Golden Menorah

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29 Jun 2006

The Golden Menorah in the Beit HaMikdash represents the wisdom of Torah. The miracle of Chanukah is the miracle of the Jewish victory over the Greeks’ attempt to force the Jewish people to abandon and forget the Torah. Despite the fierce effort of the Greeks and their Jewish Hellenist allies to destroy every shred of Jewish loyalty to Torah, the Torah and its wisdom survived.

When the Romans destroyed the Bait HaMikdash in the year 70, the entire elaborate system of worship, sacrifice, music, ceremony and prayer ceased to be in effect. The only two functions of the Bait HaMikdash which survived its destruction were the Blessing of the Kohanim and the Golden Menorah. How did the Golden Menorah survive? From functioning as an instrument for the Tzibur — the totality of the Jewish People and the Torah of Klal Yisrael -the Menorah was transformed into functioning as an instrument for each individual Jew. Now it would cast the light of Torah in each individual Jewish home.

“How would, you feel,” asks Rav Hutner, “were the Golden Menorah of the Bait HaMikdash placed in your home? You would be overwhelmed, you would not know what to do with yourself.” This is exactly what happened, and this is the real miracle of Chanukah — the Chanukah Menorah in each Jewish home is the continuation of the Golden Menorah of the Bait HaMikdash. By lighting the Chanukah Menorah we bring the holiness of the Bait HaMikdash and the eternity and indestructibility of Torah wisdom into our homes. We are able to say of our Chanukah lights that which we were only able to say of the Temple Menorah, “These lights are holy, we have no authority to make use of their light, only to see them.”

Why are we not allowed to make use of the Chanukah lights? Because they represent the “or ganuz,” the hidden light, that was concealed for the righteous in the world to come. If the Chanukah lights represent the hidden light, why are we allowed to see them at all? Because the light of the Golden Menorah also represented the eternity and indestructibility of Torah. The Menorah brings us the Divine promise that the light of Torah will always overcome the attempts of the world’s civilizations to impose their culture on us, no matter how sophisticated or intellectual they may be. The Menorah declares that the Jewish people are an eternal people that will survive the attempt of each major world civilization to destroy us. The ultimate Temple is the Torah purity of our homes and our hearts; it is for this reason that we bring the Menorah into our homes and are permitted to see its light.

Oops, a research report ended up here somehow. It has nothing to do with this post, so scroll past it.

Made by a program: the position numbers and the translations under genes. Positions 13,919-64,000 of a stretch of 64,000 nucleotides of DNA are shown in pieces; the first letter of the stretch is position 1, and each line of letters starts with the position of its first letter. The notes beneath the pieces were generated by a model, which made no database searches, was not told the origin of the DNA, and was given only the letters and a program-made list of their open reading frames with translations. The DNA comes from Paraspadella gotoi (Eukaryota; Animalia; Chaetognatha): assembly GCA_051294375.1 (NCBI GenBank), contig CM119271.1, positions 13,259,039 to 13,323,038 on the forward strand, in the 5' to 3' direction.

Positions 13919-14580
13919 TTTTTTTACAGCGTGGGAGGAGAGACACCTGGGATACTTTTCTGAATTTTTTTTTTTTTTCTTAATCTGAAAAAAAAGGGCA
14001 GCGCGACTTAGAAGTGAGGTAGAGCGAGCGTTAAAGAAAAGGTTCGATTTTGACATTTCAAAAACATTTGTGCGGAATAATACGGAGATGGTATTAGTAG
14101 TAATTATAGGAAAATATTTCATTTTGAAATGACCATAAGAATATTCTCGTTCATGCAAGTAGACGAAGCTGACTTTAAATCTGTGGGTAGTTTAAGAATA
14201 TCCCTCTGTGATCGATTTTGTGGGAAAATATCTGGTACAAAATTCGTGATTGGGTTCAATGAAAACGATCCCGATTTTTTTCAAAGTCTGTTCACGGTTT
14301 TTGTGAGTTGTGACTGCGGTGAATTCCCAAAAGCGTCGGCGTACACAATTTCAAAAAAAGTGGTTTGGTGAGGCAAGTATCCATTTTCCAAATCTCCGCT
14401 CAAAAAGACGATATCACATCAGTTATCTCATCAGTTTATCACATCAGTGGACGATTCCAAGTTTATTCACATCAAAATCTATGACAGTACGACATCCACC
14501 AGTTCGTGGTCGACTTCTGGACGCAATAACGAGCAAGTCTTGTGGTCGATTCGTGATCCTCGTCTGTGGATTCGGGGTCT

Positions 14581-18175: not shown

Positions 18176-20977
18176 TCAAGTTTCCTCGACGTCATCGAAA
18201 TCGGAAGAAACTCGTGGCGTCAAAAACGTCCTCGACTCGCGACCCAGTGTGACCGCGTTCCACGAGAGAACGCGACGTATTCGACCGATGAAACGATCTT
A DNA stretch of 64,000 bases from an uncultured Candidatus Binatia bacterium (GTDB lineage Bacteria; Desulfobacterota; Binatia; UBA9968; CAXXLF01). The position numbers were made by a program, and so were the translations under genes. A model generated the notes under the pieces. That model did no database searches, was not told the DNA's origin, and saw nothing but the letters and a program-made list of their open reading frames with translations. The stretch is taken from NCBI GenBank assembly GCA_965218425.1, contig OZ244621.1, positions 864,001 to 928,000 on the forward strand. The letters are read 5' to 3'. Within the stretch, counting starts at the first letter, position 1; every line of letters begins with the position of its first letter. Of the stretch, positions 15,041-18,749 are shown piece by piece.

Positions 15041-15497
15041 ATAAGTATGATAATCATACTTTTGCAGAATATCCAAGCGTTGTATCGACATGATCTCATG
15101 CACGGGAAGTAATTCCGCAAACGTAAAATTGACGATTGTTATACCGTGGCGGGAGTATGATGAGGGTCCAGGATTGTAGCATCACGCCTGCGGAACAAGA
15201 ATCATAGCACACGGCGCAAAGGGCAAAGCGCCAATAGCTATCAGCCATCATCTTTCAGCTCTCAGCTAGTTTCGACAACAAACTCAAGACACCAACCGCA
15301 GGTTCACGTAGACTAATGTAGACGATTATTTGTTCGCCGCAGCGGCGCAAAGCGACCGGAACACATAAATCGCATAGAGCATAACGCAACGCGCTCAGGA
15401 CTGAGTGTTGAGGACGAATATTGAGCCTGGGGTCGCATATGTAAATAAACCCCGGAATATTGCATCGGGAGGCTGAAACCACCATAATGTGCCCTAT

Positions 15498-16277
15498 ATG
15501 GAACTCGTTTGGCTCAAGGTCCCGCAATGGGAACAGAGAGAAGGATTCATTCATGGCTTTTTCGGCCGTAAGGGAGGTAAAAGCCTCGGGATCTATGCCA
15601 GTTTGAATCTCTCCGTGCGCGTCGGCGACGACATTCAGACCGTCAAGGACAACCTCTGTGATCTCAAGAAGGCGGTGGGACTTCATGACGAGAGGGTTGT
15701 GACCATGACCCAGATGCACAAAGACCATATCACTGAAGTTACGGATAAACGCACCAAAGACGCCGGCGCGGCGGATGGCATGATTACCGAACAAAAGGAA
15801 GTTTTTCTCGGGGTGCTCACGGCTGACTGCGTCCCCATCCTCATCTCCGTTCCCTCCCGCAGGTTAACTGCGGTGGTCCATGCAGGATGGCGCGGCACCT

The ultimate miracle of Chanukah is not that oil sufficient only for one day burned for eight days. Miracles were common in the Bait HaMikdash; the Bait HaMikdash was a higher realm, where miracles were a daily occurrence. The real miracle of the Menorah is that Israel and Torah survived. The miracle of Chanukah is the transformation of the Tzibur’s mitzvah of the Golden Temple Menorah into the personal Menorah lit in each Jewish home. The real Chanukah miracle is the ability of every Jew to bring the light of Torah into his or her home, despite the fact that the Temple was defiled by the Greeks and destroyed by the Romans. The eternal people lives on in the face of exile and persecution, despite the fact that the Temple lies in ruins, because Torah is eternal.

The building of the Temple and the lighting of the Golden Menorah will happen when the majority of the Jewish people light the Menorah in individual homes and hearts. During this time when the light of the Torah is almost extinguished, we need to do precisely what the Maccabees did — re-light it through our idealism and dedication.